Antitrust Division has kept
subpoena servers busy.

Blawgletter understands that the French phrase "a go-go" originally meant, in the 1400s, "abundantly".  The term may fairly apply to price-fixers — if Blawgletter judges aright from the subpoenas and search warrants flying lately out of the U.S. Justice Department’s Antitrust Division.

Price-fixing — a per se violation of federal and state antitrust law — describes an agreement between competitors to set, maintain, or stabilize prices for goods or services.  The conspirators may monitor and police each other’s pricing behavior to keep their fellow crooks honest.  They may also create fake shortages to force prices up in response to less supply.

The antitrust grapevine keeps up with reports about government investigations into possible price-fixing.  Sometimes the probes produce criminal charges, which always provoke a flurry of civil class actions.  But Blawgletter has noticed that the mere service of a subpoena or search warrant these days may unleash private litigation. 

Recent (and ongoing) examples include:

  • Static random access memory chips.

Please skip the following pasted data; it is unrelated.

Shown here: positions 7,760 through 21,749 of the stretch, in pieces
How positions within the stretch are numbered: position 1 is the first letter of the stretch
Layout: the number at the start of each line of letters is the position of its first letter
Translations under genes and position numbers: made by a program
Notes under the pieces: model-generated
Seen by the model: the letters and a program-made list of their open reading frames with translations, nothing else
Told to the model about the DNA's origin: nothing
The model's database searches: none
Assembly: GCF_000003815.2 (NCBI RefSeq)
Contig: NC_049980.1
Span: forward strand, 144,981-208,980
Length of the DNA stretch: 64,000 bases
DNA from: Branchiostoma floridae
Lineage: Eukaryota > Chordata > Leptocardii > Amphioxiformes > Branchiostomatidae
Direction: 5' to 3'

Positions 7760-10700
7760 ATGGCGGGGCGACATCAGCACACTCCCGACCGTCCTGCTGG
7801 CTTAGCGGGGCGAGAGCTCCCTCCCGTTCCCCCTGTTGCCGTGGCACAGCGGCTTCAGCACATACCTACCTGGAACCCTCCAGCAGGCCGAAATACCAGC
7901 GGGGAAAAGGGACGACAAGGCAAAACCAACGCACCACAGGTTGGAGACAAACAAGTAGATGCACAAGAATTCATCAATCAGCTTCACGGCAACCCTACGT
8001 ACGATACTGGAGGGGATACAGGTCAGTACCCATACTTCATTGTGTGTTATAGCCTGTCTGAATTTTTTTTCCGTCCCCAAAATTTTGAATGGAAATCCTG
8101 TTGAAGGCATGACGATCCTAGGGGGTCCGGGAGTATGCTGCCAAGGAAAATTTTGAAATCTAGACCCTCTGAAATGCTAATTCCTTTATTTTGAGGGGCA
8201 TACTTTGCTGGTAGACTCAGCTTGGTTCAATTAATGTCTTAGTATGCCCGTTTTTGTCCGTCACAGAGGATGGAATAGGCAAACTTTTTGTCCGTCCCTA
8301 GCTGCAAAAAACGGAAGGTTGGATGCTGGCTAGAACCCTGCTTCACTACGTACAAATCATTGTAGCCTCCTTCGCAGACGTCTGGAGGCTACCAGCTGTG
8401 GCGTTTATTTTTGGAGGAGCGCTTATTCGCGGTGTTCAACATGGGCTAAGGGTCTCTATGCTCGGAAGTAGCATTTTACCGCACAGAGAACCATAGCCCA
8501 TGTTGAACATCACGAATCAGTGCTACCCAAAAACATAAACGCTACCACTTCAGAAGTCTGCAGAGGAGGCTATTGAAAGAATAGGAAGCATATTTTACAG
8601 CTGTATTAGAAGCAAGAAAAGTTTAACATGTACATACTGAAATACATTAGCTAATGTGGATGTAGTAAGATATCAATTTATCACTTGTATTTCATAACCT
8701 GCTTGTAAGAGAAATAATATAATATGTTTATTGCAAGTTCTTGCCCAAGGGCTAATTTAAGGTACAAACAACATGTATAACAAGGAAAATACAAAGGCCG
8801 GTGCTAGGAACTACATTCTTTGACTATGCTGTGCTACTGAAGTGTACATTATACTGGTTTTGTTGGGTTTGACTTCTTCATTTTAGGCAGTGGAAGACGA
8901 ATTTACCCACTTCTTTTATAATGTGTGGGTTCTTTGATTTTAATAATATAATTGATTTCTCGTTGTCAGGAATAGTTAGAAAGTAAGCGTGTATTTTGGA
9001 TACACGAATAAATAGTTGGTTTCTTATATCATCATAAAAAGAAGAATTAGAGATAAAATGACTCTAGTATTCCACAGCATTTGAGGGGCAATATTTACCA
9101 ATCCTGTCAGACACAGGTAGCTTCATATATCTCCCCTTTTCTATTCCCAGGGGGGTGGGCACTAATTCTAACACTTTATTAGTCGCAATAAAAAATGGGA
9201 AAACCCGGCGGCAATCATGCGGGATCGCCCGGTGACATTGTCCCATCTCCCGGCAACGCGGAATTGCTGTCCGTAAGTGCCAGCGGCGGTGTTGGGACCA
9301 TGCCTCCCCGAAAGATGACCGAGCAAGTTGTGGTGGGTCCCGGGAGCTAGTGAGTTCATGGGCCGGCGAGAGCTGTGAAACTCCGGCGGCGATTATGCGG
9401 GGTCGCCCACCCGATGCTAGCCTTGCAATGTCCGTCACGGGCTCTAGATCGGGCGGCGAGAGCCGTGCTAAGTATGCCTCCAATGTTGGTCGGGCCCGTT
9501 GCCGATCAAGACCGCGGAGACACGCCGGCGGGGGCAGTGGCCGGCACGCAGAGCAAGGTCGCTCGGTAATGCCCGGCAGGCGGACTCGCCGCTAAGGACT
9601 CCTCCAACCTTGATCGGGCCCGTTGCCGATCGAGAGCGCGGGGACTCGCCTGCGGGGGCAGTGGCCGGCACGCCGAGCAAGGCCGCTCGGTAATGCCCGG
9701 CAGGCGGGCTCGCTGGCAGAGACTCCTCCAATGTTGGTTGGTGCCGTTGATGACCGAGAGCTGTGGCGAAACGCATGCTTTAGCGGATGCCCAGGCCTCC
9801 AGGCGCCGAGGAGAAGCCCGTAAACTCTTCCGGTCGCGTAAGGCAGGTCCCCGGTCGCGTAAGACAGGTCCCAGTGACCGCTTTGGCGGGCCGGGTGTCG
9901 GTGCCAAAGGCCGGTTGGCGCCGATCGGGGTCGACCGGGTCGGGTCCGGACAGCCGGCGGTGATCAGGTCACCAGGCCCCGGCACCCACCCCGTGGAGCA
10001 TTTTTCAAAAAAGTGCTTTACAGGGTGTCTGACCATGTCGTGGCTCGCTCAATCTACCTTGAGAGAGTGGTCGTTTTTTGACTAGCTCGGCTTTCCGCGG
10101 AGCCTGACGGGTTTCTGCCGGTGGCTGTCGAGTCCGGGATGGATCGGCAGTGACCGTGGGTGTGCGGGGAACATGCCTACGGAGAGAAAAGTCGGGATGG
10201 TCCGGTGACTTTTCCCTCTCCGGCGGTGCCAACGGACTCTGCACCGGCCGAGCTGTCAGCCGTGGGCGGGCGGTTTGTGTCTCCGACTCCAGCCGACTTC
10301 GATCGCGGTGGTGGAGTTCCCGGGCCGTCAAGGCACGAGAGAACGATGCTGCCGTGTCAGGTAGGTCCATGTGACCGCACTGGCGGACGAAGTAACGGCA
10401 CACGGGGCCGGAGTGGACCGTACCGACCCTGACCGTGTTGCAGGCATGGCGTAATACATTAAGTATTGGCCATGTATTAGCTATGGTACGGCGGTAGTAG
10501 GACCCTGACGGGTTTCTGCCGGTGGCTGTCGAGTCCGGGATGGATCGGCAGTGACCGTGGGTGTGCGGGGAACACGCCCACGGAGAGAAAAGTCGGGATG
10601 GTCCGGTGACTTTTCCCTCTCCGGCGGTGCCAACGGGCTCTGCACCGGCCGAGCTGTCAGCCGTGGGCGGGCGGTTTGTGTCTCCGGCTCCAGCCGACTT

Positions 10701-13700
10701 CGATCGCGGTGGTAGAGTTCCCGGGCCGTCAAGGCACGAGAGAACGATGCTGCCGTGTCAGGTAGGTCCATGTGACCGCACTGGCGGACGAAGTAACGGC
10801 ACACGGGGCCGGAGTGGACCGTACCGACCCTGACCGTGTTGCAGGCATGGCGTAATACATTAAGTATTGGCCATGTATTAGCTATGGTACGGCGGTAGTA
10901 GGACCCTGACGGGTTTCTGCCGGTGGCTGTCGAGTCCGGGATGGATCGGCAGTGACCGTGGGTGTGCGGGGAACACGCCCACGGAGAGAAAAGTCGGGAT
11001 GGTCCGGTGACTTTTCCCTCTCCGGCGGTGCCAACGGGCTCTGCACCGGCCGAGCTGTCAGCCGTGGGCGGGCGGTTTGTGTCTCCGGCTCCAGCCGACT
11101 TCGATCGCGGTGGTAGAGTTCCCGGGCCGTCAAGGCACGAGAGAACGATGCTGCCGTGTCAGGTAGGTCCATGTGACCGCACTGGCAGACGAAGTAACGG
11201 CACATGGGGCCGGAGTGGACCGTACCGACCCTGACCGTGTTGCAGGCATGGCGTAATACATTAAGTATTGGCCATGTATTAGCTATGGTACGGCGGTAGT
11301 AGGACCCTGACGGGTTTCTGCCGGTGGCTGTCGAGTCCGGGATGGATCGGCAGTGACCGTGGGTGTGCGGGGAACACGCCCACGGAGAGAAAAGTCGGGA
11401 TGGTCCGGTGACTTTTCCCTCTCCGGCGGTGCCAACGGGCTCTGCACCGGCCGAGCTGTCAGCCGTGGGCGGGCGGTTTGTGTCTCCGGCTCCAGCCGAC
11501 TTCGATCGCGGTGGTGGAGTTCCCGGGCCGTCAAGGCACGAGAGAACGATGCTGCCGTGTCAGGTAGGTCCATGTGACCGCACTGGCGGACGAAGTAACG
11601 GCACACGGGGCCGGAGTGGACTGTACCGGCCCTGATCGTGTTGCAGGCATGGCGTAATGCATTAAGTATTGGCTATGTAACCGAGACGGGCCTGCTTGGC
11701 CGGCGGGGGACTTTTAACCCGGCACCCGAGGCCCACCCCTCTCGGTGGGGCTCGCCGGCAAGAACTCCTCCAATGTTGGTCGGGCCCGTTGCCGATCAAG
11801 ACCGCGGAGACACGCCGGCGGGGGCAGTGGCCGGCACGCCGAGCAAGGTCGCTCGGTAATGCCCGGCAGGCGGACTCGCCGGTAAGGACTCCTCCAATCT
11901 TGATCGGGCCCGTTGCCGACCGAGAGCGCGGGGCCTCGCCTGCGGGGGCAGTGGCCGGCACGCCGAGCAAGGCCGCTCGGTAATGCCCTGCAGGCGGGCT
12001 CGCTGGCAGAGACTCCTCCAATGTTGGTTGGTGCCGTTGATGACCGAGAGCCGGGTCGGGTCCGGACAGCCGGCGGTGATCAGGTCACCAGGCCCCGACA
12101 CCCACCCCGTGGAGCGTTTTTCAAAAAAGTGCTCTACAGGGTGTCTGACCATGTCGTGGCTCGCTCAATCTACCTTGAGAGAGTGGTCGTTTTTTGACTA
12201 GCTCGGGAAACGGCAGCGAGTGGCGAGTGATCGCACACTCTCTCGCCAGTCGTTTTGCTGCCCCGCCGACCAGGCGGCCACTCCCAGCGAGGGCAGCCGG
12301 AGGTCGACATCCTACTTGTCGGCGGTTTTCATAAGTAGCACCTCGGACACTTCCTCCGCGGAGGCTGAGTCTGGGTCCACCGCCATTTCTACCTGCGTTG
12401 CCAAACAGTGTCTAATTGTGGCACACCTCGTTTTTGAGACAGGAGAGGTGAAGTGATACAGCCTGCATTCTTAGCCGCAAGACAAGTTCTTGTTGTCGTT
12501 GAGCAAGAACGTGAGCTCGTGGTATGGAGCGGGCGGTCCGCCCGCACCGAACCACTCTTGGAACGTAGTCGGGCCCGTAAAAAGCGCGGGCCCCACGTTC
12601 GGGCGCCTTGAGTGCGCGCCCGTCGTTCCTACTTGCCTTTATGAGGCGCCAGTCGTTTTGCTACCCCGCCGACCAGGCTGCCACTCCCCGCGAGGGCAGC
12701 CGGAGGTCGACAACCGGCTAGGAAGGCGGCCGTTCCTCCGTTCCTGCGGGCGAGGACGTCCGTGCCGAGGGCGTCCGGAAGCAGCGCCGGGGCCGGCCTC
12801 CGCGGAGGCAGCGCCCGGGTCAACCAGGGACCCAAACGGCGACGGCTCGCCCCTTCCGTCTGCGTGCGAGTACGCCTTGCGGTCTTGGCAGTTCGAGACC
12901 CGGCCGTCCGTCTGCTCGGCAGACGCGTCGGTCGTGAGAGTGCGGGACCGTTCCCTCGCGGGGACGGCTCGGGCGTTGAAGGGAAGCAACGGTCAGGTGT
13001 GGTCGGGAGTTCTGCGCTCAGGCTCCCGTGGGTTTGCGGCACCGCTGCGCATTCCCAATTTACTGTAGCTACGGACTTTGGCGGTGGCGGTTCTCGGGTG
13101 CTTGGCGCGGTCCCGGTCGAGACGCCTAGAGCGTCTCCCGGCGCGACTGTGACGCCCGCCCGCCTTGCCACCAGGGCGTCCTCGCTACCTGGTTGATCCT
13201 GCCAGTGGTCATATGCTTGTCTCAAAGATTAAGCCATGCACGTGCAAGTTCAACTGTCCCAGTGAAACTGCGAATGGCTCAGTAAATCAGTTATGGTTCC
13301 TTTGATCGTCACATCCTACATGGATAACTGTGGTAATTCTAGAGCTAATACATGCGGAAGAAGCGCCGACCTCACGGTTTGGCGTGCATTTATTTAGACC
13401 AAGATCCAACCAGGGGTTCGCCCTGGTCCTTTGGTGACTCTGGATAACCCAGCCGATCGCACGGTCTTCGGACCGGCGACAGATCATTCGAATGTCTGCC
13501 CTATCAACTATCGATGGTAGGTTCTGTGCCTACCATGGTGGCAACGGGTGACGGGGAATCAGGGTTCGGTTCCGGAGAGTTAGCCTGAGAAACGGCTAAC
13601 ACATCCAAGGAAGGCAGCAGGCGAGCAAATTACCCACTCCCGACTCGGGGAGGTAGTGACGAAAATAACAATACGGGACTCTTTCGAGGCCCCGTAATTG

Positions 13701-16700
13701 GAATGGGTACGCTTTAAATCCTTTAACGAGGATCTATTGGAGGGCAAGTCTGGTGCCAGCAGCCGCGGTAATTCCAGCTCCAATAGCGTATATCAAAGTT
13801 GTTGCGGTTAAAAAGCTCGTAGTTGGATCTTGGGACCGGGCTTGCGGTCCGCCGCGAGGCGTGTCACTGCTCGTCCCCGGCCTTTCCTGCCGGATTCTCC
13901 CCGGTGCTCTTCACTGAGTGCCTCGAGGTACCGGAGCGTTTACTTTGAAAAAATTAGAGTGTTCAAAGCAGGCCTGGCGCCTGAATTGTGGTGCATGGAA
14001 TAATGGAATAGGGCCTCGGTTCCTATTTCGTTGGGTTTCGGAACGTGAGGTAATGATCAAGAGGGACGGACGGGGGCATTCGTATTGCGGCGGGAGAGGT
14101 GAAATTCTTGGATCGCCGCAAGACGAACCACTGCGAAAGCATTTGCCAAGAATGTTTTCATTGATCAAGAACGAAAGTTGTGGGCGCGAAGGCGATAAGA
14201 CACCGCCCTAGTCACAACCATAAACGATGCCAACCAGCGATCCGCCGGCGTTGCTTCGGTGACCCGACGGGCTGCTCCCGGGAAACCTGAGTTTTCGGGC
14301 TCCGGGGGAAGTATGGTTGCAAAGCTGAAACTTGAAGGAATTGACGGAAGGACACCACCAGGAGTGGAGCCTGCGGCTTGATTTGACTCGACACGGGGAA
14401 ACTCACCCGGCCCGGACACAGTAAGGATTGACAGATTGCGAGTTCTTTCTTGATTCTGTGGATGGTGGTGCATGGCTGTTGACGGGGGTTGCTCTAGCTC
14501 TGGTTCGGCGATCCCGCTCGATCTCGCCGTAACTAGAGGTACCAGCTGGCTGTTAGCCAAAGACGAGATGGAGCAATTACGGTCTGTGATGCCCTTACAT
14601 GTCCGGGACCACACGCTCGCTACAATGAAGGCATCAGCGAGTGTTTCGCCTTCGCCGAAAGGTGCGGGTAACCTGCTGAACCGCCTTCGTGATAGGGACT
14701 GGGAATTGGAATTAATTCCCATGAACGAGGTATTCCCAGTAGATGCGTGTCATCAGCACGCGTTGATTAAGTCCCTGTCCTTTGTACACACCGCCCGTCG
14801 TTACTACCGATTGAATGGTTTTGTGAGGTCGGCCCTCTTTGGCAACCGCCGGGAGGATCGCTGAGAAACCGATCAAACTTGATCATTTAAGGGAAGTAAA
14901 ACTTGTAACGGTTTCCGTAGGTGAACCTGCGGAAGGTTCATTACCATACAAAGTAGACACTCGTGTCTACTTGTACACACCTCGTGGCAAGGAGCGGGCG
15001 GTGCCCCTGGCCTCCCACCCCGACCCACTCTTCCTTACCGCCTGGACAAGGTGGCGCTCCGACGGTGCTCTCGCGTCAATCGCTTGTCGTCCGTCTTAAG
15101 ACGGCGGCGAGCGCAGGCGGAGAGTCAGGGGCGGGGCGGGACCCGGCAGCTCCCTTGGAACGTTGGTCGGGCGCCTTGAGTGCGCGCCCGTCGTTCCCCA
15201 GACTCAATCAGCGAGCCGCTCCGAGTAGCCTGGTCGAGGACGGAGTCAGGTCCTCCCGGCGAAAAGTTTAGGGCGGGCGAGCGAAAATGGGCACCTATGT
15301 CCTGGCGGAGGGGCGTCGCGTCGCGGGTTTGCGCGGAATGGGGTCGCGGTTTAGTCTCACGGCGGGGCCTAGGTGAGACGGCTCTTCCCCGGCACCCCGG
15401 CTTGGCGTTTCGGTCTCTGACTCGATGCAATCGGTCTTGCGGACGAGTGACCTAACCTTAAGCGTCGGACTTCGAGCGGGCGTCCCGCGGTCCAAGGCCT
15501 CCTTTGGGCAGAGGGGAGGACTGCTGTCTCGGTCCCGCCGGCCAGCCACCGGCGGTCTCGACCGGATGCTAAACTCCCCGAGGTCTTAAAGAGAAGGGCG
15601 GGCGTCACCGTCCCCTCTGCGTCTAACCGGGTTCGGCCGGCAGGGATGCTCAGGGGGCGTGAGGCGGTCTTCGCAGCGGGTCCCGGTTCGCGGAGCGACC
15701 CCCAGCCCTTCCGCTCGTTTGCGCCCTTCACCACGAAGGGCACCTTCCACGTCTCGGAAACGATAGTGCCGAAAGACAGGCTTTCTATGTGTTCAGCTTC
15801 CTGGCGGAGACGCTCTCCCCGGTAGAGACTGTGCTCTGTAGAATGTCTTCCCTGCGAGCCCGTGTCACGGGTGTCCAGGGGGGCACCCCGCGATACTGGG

• Video graphics processors and cards.
  • Air freight fuel surcharges.
  • Air passenger fuel surcharges.
  • Liquid crystal display flat panels.

Other investigations that have apparently failed to generate civil litigation include:

  • Offshore helicopter services in the Gulf of Mexico.
  • Rock crushing and screening equipment.

Why do class action lawyers file suit in the wake of some criminal investigations but not in others?  Do the merits — and potential damages recovery after trial — make all the difference? suggests that evaluation of the merits has little to do with the decision to file class actions and that the potential recovery makes all the difference.  Good for them!

But Blawgletter wonders whether spends its own money in pursuing antitrust cases.  That exercise tends to concentrate one’s analytical skills, Blawgletter supposes.  May we hope for more nuance than the conclusion that plaintiffs’ lawyers sue only in enormous money cases?

Barry Barnett

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